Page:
Inhibition of dengue infection by binding of drugs to a novel site on dengue E protein.
Inventors: Stephen Harrison, Yorgo Modis
Invention Types: Therapeutics
Research Areas: Infectious Disease
Keywords: Drug Discovery, Drug Screening, Drug DesignFor More Information Contact: Caron, Connie
This invention identifies novel druggable regions in viral class II E proteins; the modulation of activity of such regions could inhibit fusion and, hence, infectivity. The invention also provides methods of screening compounds against the druggable regions in order to discover candidate therapeutics. A better understanding of the structure and activity of class II envelope fusion proteins and potentially druggable regions within will further the development of anti-viral fusion inhibitors for flaviviruses, alphaviruses, and hepatitis viruses.
Inhibition of viral fusion by small molecule drugs is a promising treatment or prophylactic, as has been demonstrated by anti-HIV fusion inhibitors. Success in inhibition of Dengue virus fusion could lead to similar success against other related flaviviruses infections (such as yellow fever and West Nile), alphaviruses (such as Sindbis and Semliki Forest viruses), as well as Hepatitis C. Present invention could be used in Drug Designing, Drug Discovery and Drug Screening.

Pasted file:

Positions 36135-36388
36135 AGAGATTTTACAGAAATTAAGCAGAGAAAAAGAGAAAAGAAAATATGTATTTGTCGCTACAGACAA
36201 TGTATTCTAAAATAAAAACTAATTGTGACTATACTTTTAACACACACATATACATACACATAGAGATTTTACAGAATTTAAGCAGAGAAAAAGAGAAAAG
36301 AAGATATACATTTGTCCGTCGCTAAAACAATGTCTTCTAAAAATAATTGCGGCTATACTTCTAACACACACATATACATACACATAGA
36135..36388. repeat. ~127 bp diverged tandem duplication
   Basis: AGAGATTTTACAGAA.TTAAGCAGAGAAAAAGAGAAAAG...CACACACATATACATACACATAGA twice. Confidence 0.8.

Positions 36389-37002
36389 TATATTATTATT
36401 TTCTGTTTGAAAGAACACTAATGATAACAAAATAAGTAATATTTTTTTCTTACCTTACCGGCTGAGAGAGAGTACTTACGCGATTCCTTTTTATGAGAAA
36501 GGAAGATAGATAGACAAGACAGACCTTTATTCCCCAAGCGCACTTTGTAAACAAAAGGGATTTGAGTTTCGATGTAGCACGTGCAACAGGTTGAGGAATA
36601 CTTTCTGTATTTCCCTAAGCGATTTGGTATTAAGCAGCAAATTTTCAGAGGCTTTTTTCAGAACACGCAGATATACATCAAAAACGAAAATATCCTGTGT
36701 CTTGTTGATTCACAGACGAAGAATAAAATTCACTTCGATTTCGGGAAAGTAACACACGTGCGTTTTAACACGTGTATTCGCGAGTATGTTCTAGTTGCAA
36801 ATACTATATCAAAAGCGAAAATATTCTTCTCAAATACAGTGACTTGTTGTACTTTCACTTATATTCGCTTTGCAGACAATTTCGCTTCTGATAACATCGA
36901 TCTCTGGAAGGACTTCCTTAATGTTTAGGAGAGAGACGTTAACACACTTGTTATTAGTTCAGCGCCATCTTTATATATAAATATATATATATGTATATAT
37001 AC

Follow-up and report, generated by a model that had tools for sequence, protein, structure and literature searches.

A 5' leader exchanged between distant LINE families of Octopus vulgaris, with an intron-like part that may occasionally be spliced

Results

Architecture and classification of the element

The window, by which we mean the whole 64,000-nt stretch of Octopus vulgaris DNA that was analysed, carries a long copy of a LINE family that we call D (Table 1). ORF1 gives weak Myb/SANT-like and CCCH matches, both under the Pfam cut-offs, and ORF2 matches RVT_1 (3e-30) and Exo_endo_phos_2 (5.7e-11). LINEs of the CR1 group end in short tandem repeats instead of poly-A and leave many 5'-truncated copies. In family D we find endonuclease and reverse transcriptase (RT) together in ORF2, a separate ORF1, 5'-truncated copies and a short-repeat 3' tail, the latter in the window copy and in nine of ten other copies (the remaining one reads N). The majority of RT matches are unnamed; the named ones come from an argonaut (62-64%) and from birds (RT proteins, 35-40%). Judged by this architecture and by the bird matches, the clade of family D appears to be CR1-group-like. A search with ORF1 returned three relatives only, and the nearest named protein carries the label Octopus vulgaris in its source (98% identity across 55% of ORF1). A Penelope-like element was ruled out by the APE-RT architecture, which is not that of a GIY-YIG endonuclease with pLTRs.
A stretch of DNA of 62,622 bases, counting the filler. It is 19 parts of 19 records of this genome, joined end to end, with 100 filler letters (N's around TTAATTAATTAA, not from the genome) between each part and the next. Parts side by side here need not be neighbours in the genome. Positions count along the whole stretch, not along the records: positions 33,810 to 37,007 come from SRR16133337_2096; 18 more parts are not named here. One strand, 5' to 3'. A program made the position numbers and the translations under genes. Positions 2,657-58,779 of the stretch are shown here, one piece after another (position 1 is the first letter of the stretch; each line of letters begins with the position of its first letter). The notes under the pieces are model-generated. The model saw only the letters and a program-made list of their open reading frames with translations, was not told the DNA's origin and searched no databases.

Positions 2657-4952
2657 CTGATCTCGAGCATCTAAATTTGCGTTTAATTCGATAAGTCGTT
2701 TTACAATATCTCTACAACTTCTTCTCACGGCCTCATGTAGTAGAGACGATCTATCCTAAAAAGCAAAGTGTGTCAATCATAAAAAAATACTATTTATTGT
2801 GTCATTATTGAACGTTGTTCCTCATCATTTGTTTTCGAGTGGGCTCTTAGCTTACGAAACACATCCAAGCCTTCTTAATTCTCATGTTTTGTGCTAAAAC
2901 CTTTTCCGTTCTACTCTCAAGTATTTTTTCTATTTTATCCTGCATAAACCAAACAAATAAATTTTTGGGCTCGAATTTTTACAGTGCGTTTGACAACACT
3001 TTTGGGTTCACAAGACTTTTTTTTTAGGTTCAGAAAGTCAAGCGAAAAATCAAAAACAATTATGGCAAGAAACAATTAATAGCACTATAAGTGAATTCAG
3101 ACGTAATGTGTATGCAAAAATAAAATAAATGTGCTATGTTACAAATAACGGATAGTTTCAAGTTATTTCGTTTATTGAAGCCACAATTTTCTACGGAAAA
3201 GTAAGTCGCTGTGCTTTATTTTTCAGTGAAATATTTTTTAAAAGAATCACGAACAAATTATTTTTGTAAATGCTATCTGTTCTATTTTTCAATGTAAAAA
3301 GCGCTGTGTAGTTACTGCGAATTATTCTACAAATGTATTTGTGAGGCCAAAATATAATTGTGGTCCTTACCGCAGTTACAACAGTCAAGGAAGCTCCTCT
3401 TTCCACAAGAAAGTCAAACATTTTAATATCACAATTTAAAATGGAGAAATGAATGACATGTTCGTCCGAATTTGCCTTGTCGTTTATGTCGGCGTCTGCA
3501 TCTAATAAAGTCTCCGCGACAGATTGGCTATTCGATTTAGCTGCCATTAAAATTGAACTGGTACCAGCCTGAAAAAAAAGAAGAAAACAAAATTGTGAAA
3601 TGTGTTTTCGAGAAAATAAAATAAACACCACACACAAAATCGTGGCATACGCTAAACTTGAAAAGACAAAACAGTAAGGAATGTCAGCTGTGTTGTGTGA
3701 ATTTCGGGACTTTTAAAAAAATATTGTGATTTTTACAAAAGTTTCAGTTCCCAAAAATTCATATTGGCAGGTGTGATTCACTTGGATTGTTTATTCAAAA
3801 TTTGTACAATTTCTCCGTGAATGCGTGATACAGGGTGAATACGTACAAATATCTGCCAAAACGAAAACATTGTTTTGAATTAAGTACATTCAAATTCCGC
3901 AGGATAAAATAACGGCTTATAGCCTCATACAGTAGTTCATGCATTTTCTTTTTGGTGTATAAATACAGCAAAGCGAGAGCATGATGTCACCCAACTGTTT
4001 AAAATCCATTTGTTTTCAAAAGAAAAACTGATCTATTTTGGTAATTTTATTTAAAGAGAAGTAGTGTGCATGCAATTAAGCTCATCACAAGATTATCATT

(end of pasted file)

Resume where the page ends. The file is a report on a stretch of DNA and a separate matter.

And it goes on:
Currently, there is no known cure or vaccine for Dengue fever and infection rates are rapidly increasing. There is no specific treatment for infection, and control of dengue virus by vaccination has proven elusive.
Dengue fever affects about 50 million people across five continents, and is spreading into the southern United States. Estimates suggest that over one-half million victims, many of whom are children, require hospitalization annually. Boston Children's hospital is looking to Exclusive/Non-Exclusive license this technology for development.
Key Publications: PNAS 2003 Vol. 100: 6986-91;|
Nature 2004 Vol. 427: 313-19;
J. Virol. 2005 Vol. 79: 12233-31.